EAST RUTHERFORD, N.J. — The way the Dallas Cowboys have it figured, there can be no more missteps. A season that began with them relatively entrenched as the Super Bowl favorite in the NFC has veered badly off course, reducing them to chasing a wild-card spot as a long shot at best.
But it’s not a no-shot possibility, at least yet. The Cowboys have not surrendered. Their huge aspirations for this season have not completely dissipated. But they acknowledged following Sunday’s 30-10 triumph over the New York Giants at the Meadowlands that any even somewhat realistic scenario of them reaching the playoffs almost certainly begins with them winning all their remaining games.
“We needed it,” tight end Jason Witten said. “We talked about it the last couple weeks. Our backs are against the wall. We know we need to win out . . . We knew coming in here they were gonna be a tough opponent. They always are — a lot of pride. I’ve got a lot of respect for Steve [Spagnuolo, the interim coach of the Giants] and the program he’s gonna run. It wasn’t perfect. We were able to grind it out and finally got it going there late in the second half.”
Indeed, the Cowboys didn’t get their offense revved up until late in Sunday’s game, outscoring the Giants by a 20-0 margin in the fourth quarter. Quarterback Dak Prescott threw for 332 yards and three touchdowns. Wide receivers Dez Bryant and Cole Beasley and running back Rod Smith each managed to turn a short pass from Prescott into a huge play.
“Dak made some really good decisions and really good throws,” Cowboys Coach Jason Garrett said, “and the guys did the rest.”
The Cowboys’ Super Bowl hopes entering the season were pinned on Prescott and tailback Ezekiel Elliott, the NFL’s leading rusher last season as a rookie. They were the centerpieces of an offense that led the Cowboys to the top seed in the NFC playoffs in 2016 before they suffered a stunning loss at home to the Green Bay Packers in a conference semifinal. Even more was expected this season.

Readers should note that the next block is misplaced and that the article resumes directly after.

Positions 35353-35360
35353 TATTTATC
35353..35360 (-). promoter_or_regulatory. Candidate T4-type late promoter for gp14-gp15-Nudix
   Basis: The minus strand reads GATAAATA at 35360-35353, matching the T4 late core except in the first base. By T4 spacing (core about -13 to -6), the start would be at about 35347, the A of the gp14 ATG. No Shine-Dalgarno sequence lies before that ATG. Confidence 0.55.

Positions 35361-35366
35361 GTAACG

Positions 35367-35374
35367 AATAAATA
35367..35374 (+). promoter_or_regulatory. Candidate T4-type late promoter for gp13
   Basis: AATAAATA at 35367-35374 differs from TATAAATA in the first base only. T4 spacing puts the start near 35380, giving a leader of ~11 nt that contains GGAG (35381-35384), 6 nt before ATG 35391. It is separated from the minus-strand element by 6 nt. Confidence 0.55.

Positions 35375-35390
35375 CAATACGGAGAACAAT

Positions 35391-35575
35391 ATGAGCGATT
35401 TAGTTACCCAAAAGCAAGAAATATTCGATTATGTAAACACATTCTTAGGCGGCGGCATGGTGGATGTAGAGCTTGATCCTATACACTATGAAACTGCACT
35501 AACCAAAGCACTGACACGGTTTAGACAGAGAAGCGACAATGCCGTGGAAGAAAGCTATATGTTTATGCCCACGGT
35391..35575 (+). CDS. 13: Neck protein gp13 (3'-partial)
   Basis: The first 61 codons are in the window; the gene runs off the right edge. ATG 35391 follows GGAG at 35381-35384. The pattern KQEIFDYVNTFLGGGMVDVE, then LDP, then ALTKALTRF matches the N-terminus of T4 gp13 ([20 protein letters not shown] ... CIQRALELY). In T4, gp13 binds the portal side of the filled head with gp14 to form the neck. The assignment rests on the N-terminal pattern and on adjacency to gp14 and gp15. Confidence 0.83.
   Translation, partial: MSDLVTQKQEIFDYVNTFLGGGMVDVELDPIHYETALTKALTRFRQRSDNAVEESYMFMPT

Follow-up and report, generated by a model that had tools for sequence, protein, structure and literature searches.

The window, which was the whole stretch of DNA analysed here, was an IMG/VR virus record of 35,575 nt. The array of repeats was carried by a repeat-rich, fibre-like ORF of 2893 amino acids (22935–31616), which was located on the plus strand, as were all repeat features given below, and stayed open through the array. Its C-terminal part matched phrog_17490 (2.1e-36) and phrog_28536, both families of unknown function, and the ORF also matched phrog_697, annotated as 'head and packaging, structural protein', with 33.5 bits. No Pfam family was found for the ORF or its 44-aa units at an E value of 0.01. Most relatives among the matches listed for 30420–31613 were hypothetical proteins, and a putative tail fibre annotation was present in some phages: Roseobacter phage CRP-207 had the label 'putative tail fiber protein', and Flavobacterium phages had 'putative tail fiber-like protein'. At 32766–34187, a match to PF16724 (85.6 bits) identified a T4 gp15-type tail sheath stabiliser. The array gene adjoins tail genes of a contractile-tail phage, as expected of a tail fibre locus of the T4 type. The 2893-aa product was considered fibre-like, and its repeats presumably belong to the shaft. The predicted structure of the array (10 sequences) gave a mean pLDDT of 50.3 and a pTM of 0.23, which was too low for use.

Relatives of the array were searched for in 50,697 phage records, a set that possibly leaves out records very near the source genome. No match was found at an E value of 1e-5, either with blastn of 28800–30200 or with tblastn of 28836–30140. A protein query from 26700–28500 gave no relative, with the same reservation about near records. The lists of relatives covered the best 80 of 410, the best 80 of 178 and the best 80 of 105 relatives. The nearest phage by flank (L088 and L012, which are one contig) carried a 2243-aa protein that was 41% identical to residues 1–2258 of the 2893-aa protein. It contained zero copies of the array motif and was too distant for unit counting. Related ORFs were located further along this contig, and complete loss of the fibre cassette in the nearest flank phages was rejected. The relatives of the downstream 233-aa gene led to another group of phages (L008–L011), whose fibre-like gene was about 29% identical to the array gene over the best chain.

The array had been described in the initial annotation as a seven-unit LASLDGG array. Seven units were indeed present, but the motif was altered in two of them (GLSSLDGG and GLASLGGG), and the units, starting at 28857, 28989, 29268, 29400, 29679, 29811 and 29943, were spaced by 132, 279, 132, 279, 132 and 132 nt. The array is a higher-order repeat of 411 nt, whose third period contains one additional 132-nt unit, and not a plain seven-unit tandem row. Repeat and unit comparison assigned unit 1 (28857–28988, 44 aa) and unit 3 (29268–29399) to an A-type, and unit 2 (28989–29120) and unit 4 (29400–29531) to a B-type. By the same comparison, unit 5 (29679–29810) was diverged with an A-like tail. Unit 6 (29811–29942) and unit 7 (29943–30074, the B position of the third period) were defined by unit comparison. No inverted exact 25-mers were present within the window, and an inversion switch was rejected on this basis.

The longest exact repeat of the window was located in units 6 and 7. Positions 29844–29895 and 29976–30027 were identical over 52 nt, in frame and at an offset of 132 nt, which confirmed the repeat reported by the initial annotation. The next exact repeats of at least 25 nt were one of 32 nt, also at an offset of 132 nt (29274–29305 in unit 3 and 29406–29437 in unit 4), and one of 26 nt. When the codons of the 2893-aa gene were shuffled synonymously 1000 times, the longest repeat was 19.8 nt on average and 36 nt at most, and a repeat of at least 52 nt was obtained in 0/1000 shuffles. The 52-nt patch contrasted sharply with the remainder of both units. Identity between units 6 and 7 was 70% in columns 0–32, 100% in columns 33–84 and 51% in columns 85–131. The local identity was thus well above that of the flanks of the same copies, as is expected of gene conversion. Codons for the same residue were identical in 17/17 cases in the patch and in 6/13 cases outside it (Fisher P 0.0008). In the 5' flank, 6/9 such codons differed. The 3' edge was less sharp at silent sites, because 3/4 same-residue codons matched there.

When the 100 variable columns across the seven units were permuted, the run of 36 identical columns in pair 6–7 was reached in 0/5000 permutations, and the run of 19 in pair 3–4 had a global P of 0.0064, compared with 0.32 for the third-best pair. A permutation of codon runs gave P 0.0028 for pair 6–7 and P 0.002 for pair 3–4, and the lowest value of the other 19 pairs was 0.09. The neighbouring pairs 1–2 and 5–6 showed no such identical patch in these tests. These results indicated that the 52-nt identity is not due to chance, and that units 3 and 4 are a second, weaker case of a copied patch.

But Elliott’s six-game suspension by the NFL under the personal conduct policy threatened to undo everything from the beginning. The legal challenge by the NFL Players Association kept Elliott’s suspension on hold for half the season, but the NFL ultimately prevailed in court and Elliott and the NFLPA dropped their challenge.
And the Cowboys’ season fell apart. They lost their first three games after Elliott’s suspension took effect. They believed they could get by with Prescott, their powerful offensive line and the combined efforts of backup running backs Alfred Morris, Darren McFadden and Smith. They were wrong.
The offensive line didn’t look quite as great without Elliott running behind it. Prescott wasn’t as effective without the threat of Elliott’s running to occupy the attention of opposing defenses. Morris and Smith weren’t good enough, and McFadden ended up retiring.
But the Cowboys have steadied themselves a bit, beating the Washington Redskins and then the Giants, both without Elliott. They must play one more game without him, this coming Sunday night at Oakland, before he’s eligible to return for a Dec. 24 home game against the Seattle Seahawks.
The Cowboys are out of the NFC East race thanks to the Philadelphia Eagles clinching the division title Sunday. The Cowboys, with a record of 7-6, remain a game behind the Seahawks and Atlanta Falcons for the second wild-card spot in the NFC. The Detroit Lions and Green Bay Packers also are 7-6.
So it remains a tall order for the Cowboys. But perhaps they have figured out something about playing without Elliott that they can employ next weekend against the Raiders, and then they can cross their fingers and hope his return will be a springboard to bigger things.
“It takes everybody,” Witten said. “We talk about it all the time as an offense: You never know when your number is gonna get called …. You can’t say enough about Dak staying with it — as a young player, just to have the poise to stay with it, stay with it, stay with it.”
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